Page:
This page is based on examples to be easier to follow. Oracle Intersect operator allowing you to compare two select statements and the operator returns identical lines that are present in both queries. The Oracle Intersect operator syntax is:
SELECT <columns> FROM <table_1> INTERSECT SELECT <columns> FROM <table_2>;
The first query will be used as a “source” through Oracle Intersect examples. Take a look at the data that is returned by the query to make the following example above more understandable.
SELECT rownum + 2 AS nr FROM DUAL CONNECT BY rownum < 5;
The second SQL query will represent the second “source” and the output is lightly different from the first “source” query.
SELECT rownum AS nr FROM DUAL CONNECT BY rownum < 10;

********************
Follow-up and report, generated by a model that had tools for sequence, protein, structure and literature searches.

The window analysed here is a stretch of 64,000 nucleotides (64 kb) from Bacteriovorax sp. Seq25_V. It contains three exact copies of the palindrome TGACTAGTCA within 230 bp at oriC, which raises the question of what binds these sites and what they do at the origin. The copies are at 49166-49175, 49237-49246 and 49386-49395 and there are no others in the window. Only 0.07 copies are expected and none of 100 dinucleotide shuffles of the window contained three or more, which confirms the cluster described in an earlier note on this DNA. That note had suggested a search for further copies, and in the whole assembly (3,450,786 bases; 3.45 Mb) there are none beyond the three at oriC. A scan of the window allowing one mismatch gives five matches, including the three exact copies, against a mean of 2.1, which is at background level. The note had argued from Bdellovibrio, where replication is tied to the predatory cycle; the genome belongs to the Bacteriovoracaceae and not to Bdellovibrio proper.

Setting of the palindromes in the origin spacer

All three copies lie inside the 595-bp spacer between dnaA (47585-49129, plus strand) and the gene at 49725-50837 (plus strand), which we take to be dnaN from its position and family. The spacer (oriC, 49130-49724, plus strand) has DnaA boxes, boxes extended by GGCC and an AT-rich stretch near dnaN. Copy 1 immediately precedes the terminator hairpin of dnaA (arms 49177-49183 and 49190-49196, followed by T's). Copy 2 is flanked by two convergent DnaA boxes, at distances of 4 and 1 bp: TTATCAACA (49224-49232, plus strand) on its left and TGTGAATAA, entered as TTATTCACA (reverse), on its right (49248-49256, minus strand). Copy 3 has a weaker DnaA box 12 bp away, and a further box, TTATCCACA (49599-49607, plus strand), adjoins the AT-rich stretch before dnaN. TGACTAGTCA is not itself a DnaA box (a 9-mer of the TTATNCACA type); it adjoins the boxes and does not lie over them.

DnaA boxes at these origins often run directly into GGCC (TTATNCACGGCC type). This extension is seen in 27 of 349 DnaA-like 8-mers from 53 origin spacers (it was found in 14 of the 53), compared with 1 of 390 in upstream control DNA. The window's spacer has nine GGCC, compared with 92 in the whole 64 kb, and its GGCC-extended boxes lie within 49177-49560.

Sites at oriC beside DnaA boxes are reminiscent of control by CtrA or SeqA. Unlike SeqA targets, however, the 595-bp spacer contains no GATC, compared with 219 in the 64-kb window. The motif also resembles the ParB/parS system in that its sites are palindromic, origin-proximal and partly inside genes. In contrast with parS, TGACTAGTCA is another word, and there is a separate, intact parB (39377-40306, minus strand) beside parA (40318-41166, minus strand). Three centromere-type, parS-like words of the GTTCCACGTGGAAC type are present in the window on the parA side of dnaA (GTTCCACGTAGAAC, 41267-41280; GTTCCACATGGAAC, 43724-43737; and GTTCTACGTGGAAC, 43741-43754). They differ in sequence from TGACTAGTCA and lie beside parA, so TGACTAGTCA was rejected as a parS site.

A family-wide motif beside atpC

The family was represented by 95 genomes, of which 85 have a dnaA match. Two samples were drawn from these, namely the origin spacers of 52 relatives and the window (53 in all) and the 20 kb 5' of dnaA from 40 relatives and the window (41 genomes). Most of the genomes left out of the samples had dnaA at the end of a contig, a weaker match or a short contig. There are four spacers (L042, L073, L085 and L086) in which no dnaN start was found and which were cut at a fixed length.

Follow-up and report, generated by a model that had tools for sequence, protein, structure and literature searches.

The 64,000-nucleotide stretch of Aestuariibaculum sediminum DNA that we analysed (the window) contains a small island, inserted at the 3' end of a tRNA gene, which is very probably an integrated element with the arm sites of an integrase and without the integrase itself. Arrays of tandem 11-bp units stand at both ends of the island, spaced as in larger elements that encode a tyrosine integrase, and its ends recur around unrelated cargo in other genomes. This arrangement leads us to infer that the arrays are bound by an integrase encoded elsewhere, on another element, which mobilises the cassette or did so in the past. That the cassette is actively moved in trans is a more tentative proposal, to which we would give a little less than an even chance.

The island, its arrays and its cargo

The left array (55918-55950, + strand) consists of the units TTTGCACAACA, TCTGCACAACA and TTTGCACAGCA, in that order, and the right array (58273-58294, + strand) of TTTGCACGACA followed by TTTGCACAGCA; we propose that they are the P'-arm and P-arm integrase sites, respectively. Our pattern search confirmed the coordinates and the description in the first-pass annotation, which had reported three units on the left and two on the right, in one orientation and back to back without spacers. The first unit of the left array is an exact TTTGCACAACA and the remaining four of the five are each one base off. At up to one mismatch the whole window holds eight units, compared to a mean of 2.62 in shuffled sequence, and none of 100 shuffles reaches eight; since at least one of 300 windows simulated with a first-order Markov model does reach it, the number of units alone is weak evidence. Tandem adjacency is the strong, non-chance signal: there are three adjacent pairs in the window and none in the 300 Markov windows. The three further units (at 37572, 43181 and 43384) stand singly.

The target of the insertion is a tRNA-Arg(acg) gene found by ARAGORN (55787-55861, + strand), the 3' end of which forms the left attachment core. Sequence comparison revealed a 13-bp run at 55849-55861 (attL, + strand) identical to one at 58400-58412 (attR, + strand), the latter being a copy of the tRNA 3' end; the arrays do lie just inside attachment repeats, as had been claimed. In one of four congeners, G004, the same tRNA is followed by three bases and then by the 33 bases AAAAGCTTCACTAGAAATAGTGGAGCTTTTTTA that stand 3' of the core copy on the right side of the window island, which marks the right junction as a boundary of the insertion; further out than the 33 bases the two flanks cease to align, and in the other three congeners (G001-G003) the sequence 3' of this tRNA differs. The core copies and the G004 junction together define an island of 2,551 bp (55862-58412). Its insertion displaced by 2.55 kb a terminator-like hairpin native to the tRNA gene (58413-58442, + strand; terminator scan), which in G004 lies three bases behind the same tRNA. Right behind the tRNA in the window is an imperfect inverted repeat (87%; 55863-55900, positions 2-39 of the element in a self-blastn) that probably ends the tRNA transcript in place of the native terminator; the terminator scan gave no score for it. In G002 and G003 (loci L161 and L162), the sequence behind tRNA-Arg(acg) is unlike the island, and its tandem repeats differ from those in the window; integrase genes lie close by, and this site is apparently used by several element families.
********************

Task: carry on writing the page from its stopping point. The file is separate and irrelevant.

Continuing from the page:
The first INTERSECT example shows how to use the operator inside SQL and it did return only numbers 3, 4, 5 and 6 as they are present in both queries.
SELECT rownum + 2 AS nr FROM DUAL CONNECT BY rownum < 5 INTERSECT SELECT rownum AS nr FROM DUAL CONNECT BY rownum < 10;
When all queries have no any identical line then Oracle Intersect will return no rows as on the example below. The query below has value 2 and the second query has number 3. Both queries returning only 1 line and since no rows are identical the output is empty.
SELECT 2 AS nr FROM DUAL INTERSECT SELECT 3 AS nr FROM DUAL;
Oracle Intersect operator compares the types per value and not by the outlook. For example number 2 in math is equal as 2.0. Even the look is lightly different; while they are declared as numbers the value remains the same and the Intersect Operator treats them as same value. See the following example to see how Intersect works with 2 and 2.0.
SELECT 2 AS nr FROM DUAL INTERSECT SELECT 2.0 AS nr FROM DUAL;
As you see from the last example output the 2.0 was turned to number 2 and since this matches with the first SQL value it gets returned by the operator.
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